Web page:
With effect from 1 July 2023:

  • All New Zealand citizens holding an SCV will be considered permanent residents for citizenship purposes
  • New Zealand citizens granted an SCV before 1 July 2022 will have their period of permanent residence for citizenship purposes backdated to 1 July 2022
  • New Zealand citizens granted an SCV for the first time on or after 1 July 2022 will be considered a permanent resident for citizenship purposes from the date of their SCV grant.

The above provisions will apply to New Zealand citizens in Australia. It will also apply to New Zealand citizens who are overseas, but held an SCV immediately before last leaving Australia.

These provisions will apply to citizenship applications submitted after 1 July 2023.


For current SCV holders considering applying for citizenship, please note if you have family members who hold a subclass 461 New Zealand citizen family relationship visa, they will no longer be eligible to renew their visa once citizenship has been granted.

Subclass 461 visa holders whose family members obtain Australian citizenship will need to find another visa pathway, such as a partner visa or child visa. The Visa Application Charge for a partner visa is currently $8,085 and a child visa is $2,790.

Temporary Skilled Migration Income Threshold (TSMIT) raised to $70,000

The Department of Home Affairs has confirmed that nominations can be lodged at the current TSMIT minimum of $53,900 until and including 30 June 2023.

TSMIT will increase to $70,000 on 1 July 2023.

Visas associated with those nominations successfully granted at the lower level TSMIT, may be lodged after 1 July 2023 without an increase in salary being required for the grant of the visa.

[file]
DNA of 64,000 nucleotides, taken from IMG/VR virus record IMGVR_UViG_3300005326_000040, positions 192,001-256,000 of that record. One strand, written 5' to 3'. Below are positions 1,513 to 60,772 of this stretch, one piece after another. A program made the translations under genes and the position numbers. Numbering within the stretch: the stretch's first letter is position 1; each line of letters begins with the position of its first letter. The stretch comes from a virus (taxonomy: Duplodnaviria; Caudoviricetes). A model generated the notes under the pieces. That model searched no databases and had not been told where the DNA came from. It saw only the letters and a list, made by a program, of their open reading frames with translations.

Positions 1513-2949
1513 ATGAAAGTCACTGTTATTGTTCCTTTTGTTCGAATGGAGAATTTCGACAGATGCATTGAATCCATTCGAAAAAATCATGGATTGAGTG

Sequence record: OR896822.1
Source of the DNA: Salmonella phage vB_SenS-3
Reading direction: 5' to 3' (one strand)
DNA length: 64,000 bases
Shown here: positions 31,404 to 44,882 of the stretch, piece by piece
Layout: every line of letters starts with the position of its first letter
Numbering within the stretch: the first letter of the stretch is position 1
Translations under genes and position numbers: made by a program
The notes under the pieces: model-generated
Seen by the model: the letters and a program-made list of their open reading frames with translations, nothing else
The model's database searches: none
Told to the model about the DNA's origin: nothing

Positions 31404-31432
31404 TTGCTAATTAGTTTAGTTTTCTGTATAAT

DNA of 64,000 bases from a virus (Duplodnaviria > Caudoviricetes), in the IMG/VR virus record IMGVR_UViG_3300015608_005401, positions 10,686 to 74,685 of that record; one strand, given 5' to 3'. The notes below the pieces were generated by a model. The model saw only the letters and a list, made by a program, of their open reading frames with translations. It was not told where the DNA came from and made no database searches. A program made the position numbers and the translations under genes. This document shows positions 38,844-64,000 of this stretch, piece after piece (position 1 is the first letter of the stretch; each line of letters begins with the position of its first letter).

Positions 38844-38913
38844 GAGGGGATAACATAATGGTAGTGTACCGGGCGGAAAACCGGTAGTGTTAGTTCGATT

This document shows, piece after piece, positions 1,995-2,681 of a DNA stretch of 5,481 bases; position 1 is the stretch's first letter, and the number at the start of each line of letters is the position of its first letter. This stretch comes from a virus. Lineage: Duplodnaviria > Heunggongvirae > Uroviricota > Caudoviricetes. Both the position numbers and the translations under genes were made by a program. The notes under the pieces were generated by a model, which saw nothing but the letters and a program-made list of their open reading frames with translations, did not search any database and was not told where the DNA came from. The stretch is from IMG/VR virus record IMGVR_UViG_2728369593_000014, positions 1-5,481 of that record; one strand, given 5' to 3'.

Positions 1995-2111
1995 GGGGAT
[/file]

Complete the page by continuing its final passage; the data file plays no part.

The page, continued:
Expanded pathways to permanent residence

Sweeping changes to the subclass 186 Permanent Residency program will come into effect by the end of 2023.

Previously only subclass 482 Temporary Skill Shortage Visa (TSS) holders with occupation in the Medium and Long-term Strategic Skills List (MLTSSL) were eligible to apply for permanent residency. This restriction will be removed.

Eligible applicants in Temporary Residence Transition (TRT) stream will also be eligible after two years (down from three years) of sponsorship on a TSS Visa.

Applicants will still need to meet all other nomination and visa requirements for this stream.

Student visa work limitations

A reminder that effective from 1 July, most Student Visa holders will be subject to the work limitation of 48 hours per fortnight. More information is available here.

BDO Migration Services can help

BDO Migration Services keeps abreast of the changing immigration regulations to assist clients understand the laws that apply when hiring migrant workers and avoid potential financial penalties and reputational damage in cases of breach.

Given the complexity and rapidly changing environment regarding Australian visa and entry requirements, we strongly recommend that both employers and visa applicants seek specialist legal advice.

Please contact Rebecca Thomson, Principal Lawyer, BDO Migration Services, with any enquiries.